The resistivity of all materials depends on temperature. Some even become superconductors (zero resistivity) at very low temperatures. (See Figure 2.) Conversely, the resistivity of conductors increases with increasing temperature. Since the atoms vibrate more rapidly and over larger distances at higher temperatures, the electrons moving through a metal make more collisions, effectively making the resistivity higher. Over relatively small temperature changes (about 100ºC100ºC size 12{"100"°C} {} or less), resistivity ρρ size 12{ρ} {} varies with temperature change ΔTΔT size 12{DT} {} as expressed in the following equation
ρ=ρ0(1 +αΔT),ρ=ρ0(1 +αΔT), size 12{ρ = ρ rSub { size 8{0} } \( "1 "+ αΔT \) ","} {}
(6)where ρ0ρ0 size 12{ρ rSub { size 8{0} } } {} is the original resistivity and αα size 12{α} {} is the temperature coefficient of resistivity. (See the values of αα size 12{α} {} in Table 2 below.) For larger temperature changes, αα size 12{α} {} may vary or a nonlinear equation may be needed to find ρρ size 12{ρ} {}. Note that αα size 12{α} {} is positive for metals, meaning their resistivity increases with temperature. Some alloys have been developed specifically to have a small temperature dependence. Manganin (which is made of copper, manganese and nickel), for example, has αα size 12{α} {} close to zero (to three digits on the scale in Table 2), and so its resistivity varies only slightly with temperature. This is useful for making a temperatureindependent resistance standard, for example.
Table 2: TEMPERATURE COEFFICIENTS OF RESISTIVITY α α size 12{α} {}
Material 
Coefficient αα(1/°C) 
Conductors 

Silver 
3
.
8
×
10
−
3
3
.
8
×
10
−
3
size 12{3 "." 8 times "10" rSup { size 8{  3} } } {}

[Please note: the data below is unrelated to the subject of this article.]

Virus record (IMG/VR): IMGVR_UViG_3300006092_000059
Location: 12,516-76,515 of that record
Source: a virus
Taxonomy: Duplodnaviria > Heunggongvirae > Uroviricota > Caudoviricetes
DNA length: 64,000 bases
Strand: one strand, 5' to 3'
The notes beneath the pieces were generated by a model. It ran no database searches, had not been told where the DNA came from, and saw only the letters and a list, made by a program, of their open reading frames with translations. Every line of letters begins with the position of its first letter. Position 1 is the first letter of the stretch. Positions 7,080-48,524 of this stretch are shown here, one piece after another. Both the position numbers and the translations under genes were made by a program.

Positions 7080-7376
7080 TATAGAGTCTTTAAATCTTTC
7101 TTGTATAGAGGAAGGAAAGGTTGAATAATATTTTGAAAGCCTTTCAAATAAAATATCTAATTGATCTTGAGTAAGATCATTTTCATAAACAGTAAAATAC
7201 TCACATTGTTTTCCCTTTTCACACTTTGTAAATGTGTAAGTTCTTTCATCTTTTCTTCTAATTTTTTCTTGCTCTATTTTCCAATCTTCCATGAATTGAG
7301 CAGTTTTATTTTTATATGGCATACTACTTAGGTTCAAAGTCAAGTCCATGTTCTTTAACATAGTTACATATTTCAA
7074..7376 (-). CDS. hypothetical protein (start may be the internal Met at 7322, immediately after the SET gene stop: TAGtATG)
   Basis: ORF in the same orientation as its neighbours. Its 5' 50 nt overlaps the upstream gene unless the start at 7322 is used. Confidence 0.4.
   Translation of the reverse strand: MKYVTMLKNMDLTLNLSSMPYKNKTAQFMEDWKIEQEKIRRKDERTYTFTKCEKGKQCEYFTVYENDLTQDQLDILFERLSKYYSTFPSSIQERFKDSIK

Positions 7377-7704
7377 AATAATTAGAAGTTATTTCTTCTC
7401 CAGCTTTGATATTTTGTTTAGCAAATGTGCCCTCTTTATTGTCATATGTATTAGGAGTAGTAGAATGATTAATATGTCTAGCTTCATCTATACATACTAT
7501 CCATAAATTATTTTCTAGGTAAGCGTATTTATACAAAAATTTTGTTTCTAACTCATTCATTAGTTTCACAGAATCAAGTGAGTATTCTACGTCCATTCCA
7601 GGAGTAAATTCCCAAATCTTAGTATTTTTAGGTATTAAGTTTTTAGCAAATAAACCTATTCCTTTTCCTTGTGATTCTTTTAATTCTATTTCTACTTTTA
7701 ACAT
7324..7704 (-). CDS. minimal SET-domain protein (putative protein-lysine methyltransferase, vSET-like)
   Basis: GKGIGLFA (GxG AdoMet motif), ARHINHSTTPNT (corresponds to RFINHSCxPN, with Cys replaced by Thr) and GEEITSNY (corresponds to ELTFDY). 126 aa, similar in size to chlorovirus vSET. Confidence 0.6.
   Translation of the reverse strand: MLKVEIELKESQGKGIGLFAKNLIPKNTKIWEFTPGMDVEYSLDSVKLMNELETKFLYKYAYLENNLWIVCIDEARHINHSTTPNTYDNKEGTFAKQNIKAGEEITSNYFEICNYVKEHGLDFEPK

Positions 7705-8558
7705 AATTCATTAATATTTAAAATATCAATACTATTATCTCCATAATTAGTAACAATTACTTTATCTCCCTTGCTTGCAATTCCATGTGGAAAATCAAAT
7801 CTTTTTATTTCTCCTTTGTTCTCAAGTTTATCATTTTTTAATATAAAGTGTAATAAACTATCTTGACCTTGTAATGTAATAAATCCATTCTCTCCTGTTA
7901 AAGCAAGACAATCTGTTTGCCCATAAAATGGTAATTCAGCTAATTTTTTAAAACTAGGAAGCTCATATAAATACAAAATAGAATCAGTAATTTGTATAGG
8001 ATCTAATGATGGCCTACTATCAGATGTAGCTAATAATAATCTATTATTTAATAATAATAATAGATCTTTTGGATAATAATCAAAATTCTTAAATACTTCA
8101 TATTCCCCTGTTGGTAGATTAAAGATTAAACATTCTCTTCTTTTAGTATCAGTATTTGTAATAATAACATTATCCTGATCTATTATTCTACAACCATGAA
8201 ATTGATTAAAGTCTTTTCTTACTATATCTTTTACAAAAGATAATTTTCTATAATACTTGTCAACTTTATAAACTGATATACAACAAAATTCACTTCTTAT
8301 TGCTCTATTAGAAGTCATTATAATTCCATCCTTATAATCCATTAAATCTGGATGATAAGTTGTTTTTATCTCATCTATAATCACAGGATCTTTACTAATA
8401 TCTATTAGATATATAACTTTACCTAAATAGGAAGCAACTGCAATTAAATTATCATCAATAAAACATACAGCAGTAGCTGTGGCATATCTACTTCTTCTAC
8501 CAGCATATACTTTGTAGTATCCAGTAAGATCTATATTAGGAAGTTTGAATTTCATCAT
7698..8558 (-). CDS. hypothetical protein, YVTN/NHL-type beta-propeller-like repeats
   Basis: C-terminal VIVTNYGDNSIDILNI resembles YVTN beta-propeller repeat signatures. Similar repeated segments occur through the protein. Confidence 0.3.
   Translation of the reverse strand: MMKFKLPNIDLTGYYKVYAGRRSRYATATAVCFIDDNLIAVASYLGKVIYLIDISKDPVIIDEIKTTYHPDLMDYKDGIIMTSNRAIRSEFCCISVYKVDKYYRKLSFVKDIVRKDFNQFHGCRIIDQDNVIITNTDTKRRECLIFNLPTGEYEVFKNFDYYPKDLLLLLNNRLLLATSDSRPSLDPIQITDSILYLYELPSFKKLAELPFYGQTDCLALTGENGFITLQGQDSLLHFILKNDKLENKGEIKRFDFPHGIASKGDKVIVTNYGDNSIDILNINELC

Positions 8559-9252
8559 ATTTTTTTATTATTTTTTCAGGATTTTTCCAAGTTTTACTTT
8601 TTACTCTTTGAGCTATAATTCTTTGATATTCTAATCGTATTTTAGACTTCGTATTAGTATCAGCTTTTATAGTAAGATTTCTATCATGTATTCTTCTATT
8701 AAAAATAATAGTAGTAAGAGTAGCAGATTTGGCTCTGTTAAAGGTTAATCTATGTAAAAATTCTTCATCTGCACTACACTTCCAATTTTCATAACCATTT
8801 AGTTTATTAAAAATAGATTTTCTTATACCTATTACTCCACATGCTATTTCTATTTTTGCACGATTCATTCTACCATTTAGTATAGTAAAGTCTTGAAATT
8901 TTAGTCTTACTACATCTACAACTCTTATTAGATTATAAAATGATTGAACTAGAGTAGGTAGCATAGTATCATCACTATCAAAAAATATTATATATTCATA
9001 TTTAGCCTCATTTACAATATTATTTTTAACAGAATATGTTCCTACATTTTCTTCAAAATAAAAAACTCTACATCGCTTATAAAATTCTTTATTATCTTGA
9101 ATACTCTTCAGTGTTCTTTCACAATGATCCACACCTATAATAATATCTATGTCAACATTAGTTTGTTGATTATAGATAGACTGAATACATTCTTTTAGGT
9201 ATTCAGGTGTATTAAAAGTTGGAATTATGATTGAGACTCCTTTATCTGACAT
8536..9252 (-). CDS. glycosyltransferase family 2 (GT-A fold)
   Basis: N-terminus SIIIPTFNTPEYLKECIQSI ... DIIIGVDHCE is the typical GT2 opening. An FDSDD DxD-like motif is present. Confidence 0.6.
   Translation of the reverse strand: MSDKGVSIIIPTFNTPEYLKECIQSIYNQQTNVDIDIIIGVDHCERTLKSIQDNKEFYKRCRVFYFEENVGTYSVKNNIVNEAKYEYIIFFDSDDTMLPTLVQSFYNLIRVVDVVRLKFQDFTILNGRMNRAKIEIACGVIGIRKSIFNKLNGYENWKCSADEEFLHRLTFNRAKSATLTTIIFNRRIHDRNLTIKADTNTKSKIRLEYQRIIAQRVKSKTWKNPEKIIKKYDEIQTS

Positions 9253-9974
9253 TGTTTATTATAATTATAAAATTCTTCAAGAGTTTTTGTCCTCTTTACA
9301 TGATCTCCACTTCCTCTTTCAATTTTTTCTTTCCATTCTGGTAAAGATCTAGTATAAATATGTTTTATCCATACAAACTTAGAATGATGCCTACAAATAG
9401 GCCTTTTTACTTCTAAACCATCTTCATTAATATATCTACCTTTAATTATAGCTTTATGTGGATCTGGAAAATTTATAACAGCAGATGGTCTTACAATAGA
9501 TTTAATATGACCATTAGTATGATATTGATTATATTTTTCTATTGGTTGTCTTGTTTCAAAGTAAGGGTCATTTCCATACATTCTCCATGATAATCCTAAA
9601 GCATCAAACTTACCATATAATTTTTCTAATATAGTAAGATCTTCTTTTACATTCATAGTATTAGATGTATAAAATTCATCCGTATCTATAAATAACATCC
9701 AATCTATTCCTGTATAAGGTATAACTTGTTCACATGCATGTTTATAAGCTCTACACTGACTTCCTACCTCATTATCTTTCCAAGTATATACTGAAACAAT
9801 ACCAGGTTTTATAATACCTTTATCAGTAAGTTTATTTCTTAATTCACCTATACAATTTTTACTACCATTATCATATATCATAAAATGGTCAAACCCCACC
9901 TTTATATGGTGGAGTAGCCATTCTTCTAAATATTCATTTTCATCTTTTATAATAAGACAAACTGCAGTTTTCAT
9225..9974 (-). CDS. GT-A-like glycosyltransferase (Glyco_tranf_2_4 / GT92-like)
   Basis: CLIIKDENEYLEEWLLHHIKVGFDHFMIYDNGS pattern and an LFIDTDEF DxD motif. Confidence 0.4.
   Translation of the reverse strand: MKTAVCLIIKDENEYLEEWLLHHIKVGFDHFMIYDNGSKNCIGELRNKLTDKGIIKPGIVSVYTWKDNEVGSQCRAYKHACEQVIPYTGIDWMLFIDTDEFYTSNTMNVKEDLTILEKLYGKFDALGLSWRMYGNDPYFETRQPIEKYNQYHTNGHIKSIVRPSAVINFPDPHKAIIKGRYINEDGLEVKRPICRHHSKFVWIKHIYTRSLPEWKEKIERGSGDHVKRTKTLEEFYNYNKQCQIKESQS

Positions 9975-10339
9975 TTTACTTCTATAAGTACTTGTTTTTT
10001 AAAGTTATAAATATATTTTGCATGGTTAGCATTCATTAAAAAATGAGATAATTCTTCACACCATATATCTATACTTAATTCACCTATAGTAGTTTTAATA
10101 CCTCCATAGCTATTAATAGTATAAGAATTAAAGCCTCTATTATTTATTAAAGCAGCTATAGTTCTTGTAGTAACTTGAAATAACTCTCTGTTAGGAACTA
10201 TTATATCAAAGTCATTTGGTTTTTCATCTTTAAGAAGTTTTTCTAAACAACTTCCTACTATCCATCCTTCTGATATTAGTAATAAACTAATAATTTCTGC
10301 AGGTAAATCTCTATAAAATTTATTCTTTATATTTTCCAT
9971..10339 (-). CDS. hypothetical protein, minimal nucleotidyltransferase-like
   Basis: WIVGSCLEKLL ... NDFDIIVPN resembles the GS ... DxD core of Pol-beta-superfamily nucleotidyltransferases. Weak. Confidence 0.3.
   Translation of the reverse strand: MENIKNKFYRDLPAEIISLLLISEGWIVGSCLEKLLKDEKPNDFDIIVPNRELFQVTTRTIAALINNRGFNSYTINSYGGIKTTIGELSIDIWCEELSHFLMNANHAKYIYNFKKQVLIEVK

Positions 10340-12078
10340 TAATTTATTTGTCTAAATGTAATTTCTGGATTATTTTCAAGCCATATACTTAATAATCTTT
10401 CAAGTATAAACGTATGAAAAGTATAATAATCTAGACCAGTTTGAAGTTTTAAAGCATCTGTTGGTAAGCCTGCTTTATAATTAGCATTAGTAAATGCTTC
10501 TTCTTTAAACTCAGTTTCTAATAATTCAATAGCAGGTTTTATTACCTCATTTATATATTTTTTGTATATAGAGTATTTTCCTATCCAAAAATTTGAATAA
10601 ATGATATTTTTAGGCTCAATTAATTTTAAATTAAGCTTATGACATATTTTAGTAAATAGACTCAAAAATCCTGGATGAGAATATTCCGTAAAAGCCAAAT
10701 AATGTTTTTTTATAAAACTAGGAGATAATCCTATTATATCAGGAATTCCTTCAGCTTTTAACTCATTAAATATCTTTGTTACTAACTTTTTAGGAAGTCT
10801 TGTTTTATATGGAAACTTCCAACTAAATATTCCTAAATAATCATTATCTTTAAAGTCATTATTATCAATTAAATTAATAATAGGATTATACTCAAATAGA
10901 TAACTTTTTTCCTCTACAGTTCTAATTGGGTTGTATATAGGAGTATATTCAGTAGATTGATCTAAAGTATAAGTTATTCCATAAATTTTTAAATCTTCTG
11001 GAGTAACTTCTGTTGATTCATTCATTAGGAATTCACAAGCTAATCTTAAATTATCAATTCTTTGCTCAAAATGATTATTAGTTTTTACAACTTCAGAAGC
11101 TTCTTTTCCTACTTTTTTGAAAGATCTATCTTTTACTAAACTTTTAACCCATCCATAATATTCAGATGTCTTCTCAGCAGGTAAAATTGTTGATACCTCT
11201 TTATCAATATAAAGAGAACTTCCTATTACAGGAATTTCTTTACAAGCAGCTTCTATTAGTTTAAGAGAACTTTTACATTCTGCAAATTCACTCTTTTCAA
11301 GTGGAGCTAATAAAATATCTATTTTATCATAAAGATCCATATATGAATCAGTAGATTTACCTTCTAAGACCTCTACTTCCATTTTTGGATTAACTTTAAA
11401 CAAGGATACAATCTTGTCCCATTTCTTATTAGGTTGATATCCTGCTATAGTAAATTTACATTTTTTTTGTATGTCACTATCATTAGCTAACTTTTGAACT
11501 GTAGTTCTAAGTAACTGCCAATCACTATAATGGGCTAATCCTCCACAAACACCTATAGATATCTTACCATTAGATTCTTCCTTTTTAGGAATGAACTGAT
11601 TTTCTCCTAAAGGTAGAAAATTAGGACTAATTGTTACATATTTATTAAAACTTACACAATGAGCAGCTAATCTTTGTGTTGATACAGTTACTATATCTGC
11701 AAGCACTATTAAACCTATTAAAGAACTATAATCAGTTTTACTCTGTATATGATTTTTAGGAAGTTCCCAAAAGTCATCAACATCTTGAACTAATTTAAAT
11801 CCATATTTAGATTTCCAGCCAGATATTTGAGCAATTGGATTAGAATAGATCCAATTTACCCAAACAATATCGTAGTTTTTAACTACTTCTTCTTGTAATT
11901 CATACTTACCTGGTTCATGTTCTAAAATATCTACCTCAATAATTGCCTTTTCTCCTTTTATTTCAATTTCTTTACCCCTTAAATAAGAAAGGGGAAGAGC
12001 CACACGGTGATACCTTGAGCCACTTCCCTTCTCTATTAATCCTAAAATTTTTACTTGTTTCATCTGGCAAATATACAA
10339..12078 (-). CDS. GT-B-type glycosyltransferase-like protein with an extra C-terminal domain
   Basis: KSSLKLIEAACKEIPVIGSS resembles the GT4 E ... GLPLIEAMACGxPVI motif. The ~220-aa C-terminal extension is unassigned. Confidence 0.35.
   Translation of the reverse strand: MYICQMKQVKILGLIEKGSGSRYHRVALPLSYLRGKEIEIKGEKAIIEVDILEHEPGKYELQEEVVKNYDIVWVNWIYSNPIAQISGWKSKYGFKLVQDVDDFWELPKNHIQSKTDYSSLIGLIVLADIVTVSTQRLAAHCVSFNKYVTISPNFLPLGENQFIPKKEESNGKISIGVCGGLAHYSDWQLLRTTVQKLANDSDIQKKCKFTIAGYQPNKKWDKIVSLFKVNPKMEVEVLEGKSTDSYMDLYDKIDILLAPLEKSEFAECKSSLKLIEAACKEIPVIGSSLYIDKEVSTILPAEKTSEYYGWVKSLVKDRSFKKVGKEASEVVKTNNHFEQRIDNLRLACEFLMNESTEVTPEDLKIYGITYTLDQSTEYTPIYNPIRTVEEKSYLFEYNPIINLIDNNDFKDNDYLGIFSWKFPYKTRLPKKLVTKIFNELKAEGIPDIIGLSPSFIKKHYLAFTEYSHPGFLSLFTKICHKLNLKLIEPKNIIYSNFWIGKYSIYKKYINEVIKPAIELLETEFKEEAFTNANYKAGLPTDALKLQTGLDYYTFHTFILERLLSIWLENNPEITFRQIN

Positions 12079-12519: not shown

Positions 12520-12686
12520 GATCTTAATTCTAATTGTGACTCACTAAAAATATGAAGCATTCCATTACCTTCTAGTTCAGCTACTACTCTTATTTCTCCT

Copper 
3
.
9
×
10
−
3
3
.
9
×
10
−
3
size 12{3 "." 9 times "10" rSup { size 8{  3} } } {}

Gold 
3
.
4
×
10
−
3
3
.
4
×
10
−
3
size 12{3 "." 4 times "10" rSup { size 8{  3} } } {}

Aluminum 
3
.
9
×
10
−
3
3
.
9
×
10
−
3
size 12{3 "." 9 times "10" rSup { size 8{  3} } } {}

Tungsten 
4
.
5
×
10
−
3
4
.
5
×
10
−
3
size 12{4 "." 5 times "10" rSup { size 8{  3} } } {}

Iron 
5
.
0
×
10
−
3
5
.
0
×
10
−
3
size 12{5 "." 0 times "10" rSup { size 8{  3} } } {}

Platinum 
3
.
93
×
10
−
3
3
.
93
×
10
−
3
size 12{3 "." "93" times "10" rSup { size 8{  3} } } {}

Lead 
3
.
9
×
10
−
3
3
.
9
×
10
−
3
size 12{3 "." 9 times "10" rSup { size 8{  3} } } {}

Manganin (Cu, Mn, Ni alloy) 
0
.
000
×
10
−
3
0
.
000
×
10
−
3
size 12{0 "." "000" times "10" rSup { size 8{  3} } } {}

Constantan (Cu, Ni alloy) 
0
.
002
×
10
−
3
0
.
002
×
10
−
3
size 12{0 "." "002" times "10" rSup { size 8{  3} } } {}

Mercury 
0
.
89
×
10
−
3
0
.
89
×
10
−
3
size 12{0 "." "89" times "10" rSup { size 8{  3} } } {}

Nichrome (Ni, Fe, Cr alloy) 
0
.
4
×
10
−
3
0
.
4
×
10
−
3
size 12{0 "." 4 times "10" rSup { size 8{  3} } } {}

Semiconductors 

Carbon (pure) 
−
0
.
5
×
10
−
3
−
0
.
5
×
10
−
3
size 12{  0 "." 5 times "10" rSup { size 8{  3} } } {}

Germanium (pure) 
−
50
×
10
−
3
−
50
×
10
−
3
size 12{  "50" times "10" rSup { size 8{  3} } } {}

Silicon (pure) 
−
70
×
10
−
3
−
70
×
10
−
3
size 12{  "70" times "10" rSup { size 8{  3} } } {}